Last edited: December 20, 2004

Gays Lobby For Changes in Hate Crime Law

Associated Press, March 23, 1999

By Scott Mooneyham, Associated Press Writer

RALEIGH - A gay and lesbian rights group urged lawmakers Tuesday to give protections to homosexuals under the state hate crimes law and drop the crimes against nature statute from the books.

Lawmakers filed bills Tuesday that would change both laws, but members of Equality North Carolina recognized that the measures face an uphill battle.

"All people want basic rights such as privacy and freedom from the fear of being a victim of a hate crime," said M.K. Cullen, executive director of the group.

Cullen spoke to about 120 gathered outside the Legislature. Following the rally, members of the group took to the halls of the building to lobby lawmakers to support the bills.

One bill, filed by Rep. Paul Luebke, D-Durham, would amend the state’s hate crime law by adding protections for sexual orientation, gender and disability. Currently, it is a separate crime to assault or intimidate a person because of their race, color, religion, nationality or country of origin.

Under the revised law, intimidation or advocating intimidation would become a felony. It is now a misdemeanor.

"These are categories that have been overlooked, that absolutely must be addressed in the law," Luebke told those attending the rally.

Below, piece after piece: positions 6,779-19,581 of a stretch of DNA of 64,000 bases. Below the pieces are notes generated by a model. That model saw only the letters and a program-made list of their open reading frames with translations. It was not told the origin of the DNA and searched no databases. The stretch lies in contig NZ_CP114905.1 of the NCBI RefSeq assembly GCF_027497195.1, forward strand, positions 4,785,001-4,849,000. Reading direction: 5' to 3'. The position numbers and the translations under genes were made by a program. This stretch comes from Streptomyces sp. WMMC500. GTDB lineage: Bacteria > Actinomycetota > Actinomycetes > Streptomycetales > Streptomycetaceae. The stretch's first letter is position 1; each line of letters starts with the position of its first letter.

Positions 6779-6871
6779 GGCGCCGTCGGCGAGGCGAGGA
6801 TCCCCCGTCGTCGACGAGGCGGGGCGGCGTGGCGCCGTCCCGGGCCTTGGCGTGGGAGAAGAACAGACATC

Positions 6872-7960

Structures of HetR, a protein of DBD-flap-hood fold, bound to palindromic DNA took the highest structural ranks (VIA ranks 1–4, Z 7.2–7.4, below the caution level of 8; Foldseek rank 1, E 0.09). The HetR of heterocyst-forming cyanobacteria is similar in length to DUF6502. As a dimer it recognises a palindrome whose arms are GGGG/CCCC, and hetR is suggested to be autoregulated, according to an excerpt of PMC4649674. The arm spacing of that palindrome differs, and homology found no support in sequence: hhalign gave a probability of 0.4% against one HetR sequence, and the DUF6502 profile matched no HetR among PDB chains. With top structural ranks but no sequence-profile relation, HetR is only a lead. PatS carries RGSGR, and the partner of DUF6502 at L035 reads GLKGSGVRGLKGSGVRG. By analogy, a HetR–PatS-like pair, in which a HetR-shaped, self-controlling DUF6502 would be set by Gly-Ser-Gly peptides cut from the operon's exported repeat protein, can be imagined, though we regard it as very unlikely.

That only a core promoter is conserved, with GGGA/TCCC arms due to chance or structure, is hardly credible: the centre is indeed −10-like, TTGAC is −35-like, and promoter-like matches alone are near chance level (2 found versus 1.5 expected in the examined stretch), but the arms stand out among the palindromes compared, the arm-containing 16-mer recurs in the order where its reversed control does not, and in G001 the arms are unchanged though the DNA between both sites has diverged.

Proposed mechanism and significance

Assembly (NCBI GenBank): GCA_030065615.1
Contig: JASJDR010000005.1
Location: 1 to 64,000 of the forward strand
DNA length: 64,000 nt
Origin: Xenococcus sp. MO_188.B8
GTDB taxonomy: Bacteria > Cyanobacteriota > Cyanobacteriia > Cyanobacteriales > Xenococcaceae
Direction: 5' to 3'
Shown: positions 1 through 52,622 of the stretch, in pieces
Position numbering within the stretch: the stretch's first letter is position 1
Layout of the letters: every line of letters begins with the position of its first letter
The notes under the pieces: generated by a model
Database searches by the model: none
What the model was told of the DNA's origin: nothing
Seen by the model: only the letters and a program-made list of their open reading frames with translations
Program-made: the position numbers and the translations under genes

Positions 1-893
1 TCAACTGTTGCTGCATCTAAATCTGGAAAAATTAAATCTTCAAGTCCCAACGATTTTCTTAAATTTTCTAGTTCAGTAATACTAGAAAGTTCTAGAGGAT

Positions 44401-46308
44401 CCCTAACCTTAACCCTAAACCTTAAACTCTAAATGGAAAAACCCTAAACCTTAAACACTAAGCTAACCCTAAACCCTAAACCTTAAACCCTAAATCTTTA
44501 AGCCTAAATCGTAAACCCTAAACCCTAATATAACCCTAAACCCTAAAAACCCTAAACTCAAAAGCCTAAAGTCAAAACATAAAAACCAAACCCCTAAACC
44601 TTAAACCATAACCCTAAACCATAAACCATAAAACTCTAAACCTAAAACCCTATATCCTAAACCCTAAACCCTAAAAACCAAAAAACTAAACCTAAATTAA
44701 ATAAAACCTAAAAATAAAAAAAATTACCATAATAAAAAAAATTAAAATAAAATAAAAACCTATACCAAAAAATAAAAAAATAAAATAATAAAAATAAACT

The other legislation, filed by Sen. Ellie Kinnard, D-Orange, would remove the crimes against nature law from state statutes. The law makes it a felony to "commit the crime against nature, with mankind or beast." Courts have held the law to mean "sexual intercourse contrary to the order of nature," including oral and anal sex.

Kinnard said she expected to be vilified during her next election campaign for trying to abolish the law.

"It is not easy for me to be here," she said. "But I need to speak for those who cannot speak otherwise."

Conservatives quickly criticized both bills.

Bill Brooks Jr., president of the North Carolina Family Policy Council, said attempts to abolish the crimes against nature law ignore the values of the majority of residents in the state.

"You can argue anything as a privacy issue, but that doesn’t make it right," Brooks said. "Much of the assault and battery, the domestic violence, takes place in your own home, but that doesn’t make it right."

Brooks also questioned the need of a hate crime law protecting groups of people when all North Carolinians are protected by laws against assault.

Tuesday’s rally included one heckler, who shouted that homosexuals would "burn in hell" and "What does God say?"

After the man was escorted away by legislative security guards, Superior Court Judge Ray Warren responded to his question, "You must love the Lord with all your heart and soul, and must love your neighbor as yourself."

Warren, who announced earlier this year that he was gay, told the crowd, "Our job is to make sure we are not invisible to anyone."

Also speaking was former state Rep. Sharon Thompson of Durham. She announced that she is gay, saying it was no surprise to friends and colleagues.

"Our personal lives should be our personal business alone," she said. "Government has no place in our bedrooms or our family rooms."

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